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  Rush Aid … Slowly!


By Gautam Kaul      

The latest earthquake in Afghanistan has recorded casualties of over 1000 dead. The toll is rising.

Kashmir is a vast one lake of water after three days of incessant rains and cloud bursts.  Assam is in floods. Bihar will now follow. One need not wait for disaster news. This is India’s season for disasters. We celebrate this season with just waiting for it to happen.

Presently, for the government, the disaster that is happening is the fall of the state government in Maharashtra. Talk of all help is to bring back or buy back all the MLAs that have decamped from Mumbai. Assam, Bihar and even Afghanistan can wait. We shall rush aid in due course.

Qatar, Iran have already rushed aid on a massive scale. Pakistan is sending tentage to three affected areas. The NGOs worldwide are less shy. ‘Doctors Without Borders’ would have descended on the affected parts of Afghanistan to open field hospitals. UN aid organisations should have sent out their own groups for helping the injured still under debris. In India, we have simply said “…all help will be provided to the people”.

The Union Cabinet normally flies over the flooded areas but this time in Kashmir valley, no flights have been reported. The same is the case in Assam. I presume this time such flights will start when there is time after opposition governments have fallen and there would be need to celebrate the events. Help will come … in due course.

I am amazed that after each year in Assam, Bihar and Uttarakhand and, of course in Uttar Pradesh, we have our annual disaster season, and we are still unable to plan a permanent solution to our flood problem. I had read that in the opening of the last century, a similar problem existed in Los Angeles in California. The State Government decided on a permanent solution. They simply designed first a failsafe solution and started to lay a system of very wide canals through the city and its suburbs to drain out the flood waters and take it all to the nearby desert. And they did that by demolishing all the old houses and establishments that came in the way of these canals. It was reminiscent of the way a corridor was created between Vishwanath Temple and the ghats in Banaras.  The result was that after the system was commissioned, the city of Los Angeles never suffered a single flood. The saving in terms of economy, loss of man hours, etc., was in billions of dollars.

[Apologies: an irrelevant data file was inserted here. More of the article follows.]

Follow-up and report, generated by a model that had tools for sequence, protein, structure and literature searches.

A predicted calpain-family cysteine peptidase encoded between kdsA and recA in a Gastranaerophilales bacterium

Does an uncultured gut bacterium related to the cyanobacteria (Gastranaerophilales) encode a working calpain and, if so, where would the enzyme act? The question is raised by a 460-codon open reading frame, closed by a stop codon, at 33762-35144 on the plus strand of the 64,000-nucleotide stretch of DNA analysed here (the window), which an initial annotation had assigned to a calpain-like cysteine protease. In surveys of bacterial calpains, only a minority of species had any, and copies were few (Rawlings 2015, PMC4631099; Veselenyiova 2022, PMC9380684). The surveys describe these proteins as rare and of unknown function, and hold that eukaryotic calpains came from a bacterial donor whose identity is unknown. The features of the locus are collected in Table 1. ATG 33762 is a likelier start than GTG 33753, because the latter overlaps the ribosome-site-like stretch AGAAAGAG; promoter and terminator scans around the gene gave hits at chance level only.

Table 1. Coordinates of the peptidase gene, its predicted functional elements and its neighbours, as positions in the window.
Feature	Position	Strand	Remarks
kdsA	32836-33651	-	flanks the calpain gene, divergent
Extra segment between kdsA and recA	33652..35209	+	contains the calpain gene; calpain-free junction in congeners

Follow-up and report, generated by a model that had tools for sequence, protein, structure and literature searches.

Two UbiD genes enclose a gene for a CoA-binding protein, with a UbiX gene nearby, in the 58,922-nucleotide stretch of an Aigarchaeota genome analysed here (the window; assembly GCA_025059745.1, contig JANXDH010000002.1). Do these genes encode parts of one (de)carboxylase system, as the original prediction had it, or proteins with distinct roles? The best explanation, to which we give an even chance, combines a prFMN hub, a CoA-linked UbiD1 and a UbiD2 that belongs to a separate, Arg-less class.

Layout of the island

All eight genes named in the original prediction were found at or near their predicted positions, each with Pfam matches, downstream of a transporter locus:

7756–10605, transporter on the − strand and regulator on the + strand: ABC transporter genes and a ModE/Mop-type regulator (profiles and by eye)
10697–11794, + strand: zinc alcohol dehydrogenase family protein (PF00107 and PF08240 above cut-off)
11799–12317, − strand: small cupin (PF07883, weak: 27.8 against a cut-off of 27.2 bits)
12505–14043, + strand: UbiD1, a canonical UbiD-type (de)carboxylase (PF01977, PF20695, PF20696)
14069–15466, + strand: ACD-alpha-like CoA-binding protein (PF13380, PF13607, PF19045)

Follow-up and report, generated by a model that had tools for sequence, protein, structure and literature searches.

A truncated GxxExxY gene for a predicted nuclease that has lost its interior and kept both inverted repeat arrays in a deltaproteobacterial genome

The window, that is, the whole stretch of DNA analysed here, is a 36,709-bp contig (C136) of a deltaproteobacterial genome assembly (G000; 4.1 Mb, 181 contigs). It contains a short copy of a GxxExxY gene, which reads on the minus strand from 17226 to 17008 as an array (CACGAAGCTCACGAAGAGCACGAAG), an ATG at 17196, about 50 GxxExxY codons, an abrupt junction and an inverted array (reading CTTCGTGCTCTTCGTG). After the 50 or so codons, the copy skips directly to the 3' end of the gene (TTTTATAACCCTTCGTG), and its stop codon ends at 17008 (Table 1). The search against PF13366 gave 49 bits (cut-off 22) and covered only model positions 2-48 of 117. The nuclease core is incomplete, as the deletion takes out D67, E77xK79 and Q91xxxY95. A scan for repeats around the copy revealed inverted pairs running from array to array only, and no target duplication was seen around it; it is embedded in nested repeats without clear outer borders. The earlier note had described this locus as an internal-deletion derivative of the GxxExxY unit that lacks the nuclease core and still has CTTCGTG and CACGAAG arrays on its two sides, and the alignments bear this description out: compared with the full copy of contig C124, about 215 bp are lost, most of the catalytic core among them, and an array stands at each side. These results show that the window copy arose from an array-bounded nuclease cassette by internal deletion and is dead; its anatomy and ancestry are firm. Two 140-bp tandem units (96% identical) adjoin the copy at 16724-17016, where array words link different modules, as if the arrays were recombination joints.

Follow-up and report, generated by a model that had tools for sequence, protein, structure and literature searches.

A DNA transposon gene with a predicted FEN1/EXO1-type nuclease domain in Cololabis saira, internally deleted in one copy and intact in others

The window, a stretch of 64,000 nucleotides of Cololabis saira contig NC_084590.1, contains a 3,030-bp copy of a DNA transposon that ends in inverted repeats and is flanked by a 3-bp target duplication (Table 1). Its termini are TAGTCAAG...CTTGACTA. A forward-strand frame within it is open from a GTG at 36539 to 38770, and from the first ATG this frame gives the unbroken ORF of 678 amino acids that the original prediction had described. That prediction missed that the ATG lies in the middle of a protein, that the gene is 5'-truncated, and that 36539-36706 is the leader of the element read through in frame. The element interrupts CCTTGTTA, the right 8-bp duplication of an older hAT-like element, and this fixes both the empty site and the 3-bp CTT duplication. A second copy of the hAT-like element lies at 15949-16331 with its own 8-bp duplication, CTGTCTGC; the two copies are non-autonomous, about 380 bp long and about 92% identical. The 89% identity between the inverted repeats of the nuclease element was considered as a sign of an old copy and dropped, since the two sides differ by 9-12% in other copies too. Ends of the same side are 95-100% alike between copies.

In Bihar, Rivers Kosi Ganga and Ghaghra are the most indisciplined riverine systems, changing their river beds according to the amount of rain that falls in their catchment areas. In Bengal, it is the river Teesta; in UP it is river Ramganga, Ghagghar, occasionally Chambal, Sai and the Gomti.

The least flood affected states in India are in the South where most of the rivers have been dammed and rain water is caught, stored and allowed to flow out in a controlled manner. One will rarely hear of Tungbhadra, Krishna, Kaveri, Godaveri, etc., ever in flood. Yes, Chennai has its floods each year, but then the fault lies in using low lying lands which were once wetlands adjacent to the original city now as new townships without creating the canals to clear away the water. The same is the case of Mumbai and now Hyderabad. All low lying areas are being gobbled up to create new unplanned townships. We welcome disasters and create national mourning as festivals and seek God’s help.